Data-backed ESG for a competitive advantage

Critical to ESG is proof. Until now, the industry has dealt with greenwashing without real impact. Yet, with the market demands for demonstrable carbon reduction impact, many owners are struggling to find a path forward amidst the complicated economic impacts of the pandemic.

Quick Wins CRE Managers Can Adopt to Reduce Carbon Emissions:

    1. Focus on the asset’s biggest energy users and carbon emission contributors: the heating, ventilation and air conditioning system. There are solutions that don’t require capex heavy fixes. For example, building management systems (BMS), advanced sensors, AI-driven software solutions and data analytics will help better manage the overall HVAC systems to ensure each individual piece of equipment is working efficiently and effectively as part of the overall system.
    2. Start with low-hanging fruit with cost-effective updates in the lighting system. Make sure you’re using LED lights throughout the building, as well as sensors and automated scheduling to align use of lighting to when spaces actually need lighting (vs. after hours or when a conference room is not being used).
    3. Find energy-saving solutions that also account for the 50% of energy used by tenants in triple-net lease structures.
    4. Data-back carbon reductions to easily market proof back to investors, tenants, staff and all stakeholders alike.

With every expense — both existing and new — under increased scrutiny, only data-backed investments (ESG or otherwise) that show real financial and climate impact will pass investors’ sniff test. The good news is that technology is redefining measurement and reporting for key sustainability initiatives. With AI and machine learning technology, CRE owners now have the advanced technologies, sensors, software and analytics tools that are cost-effective solutions in demonstrating proof of their carbon emissions reduction.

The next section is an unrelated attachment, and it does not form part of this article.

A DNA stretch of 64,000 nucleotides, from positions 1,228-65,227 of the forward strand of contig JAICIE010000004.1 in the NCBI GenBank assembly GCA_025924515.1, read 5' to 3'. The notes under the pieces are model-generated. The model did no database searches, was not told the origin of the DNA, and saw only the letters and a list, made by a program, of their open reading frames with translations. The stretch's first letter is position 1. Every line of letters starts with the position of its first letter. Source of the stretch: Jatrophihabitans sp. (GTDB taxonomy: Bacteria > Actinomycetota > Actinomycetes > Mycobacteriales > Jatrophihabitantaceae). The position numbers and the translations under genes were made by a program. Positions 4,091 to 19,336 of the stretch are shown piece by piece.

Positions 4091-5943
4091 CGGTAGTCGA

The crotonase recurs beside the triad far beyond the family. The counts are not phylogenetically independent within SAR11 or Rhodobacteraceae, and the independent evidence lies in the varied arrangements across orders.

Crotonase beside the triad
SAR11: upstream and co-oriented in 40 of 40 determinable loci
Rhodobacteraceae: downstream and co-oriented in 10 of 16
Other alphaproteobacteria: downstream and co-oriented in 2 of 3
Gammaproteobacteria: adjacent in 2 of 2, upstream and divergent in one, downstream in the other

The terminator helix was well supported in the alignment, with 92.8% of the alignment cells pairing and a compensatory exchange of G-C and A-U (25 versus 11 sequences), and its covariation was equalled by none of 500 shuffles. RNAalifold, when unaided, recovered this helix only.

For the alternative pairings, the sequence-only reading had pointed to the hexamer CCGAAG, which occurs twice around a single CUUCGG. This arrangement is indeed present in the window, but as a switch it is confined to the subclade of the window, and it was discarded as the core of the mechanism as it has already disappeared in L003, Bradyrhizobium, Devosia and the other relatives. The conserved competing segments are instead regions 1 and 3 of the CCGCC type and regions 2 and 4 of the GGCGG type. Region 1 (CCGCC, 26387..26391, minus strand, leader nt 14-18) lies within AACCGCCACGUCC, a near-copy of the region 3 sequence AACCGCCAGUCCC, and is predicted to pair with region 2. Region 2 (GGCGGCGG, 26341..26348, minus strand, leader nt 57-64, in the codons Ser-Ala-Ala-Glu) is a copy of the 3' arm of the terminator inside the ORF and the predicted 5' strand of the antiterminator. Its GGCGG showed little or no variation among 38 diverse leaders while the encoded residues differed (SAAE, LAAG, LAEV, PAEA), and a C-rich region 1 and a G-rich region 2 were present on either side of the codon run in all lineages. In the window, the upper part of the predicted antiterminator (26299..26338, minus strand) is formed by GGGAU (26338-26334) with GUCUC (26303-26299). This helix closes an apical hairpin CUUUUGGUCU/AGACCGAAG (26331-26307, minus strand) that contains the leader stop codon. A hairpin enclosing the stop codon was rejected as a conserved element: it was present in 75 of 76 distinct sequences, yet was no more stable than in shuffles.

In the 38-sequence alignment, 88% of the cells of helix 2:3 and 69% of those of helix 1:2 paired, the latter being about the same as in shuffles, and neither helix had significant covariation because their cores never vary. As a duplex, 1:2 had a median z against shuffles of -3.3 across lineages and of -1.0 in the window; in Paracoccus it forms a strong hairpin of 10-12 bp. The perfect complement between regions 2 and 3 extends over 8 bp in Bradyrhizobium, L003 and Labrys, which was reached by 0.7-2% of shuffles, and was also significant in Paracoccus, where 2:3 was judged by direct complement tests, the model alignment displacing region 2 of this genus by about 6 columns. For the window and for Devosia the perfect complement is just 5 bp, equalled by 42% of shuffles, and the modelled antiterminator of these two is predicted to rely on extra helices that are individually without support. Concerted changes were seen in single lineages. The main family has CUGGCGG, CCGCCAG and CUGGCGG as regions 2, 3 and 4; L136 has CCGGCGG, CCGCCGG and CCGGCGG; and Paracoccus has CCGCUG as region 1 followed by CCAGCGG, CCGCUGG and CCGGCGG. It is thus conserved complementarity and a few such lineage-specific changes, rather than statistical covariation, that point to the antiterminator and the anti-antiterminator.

As CRE looks toward recovery, it will be critical to also demonstrate ESG impact to tenants as well. Employers are seeking sustainable workspaces in response to the demands of their employees. They understand the benefits of ESG for their employees and their business and will require climate-friendly workspaces as a result. Being able to clearly demonstrate the true ESG impact of a building will provide an unparalleled competitive advantage as CRE begins to reopen this year.

The long-term value of ESG

Maximizing a building’s energy usage through ESG measures has a direct impact on overall net operating income (NOI) and subsequently drives substantial increases in asset value upon disposition. In the case that an owner ultimately wants to sell a property, they’ll be more likely to attract investors.

For those buying, ESG will be a key qualifier for which properties to invest in. So much of the built environment can be optimized for enhanced societal and environmental benefits. Now it’s up to forward-thinking CRE leaders to take the necessary actions to prove out the holistic ESG approach.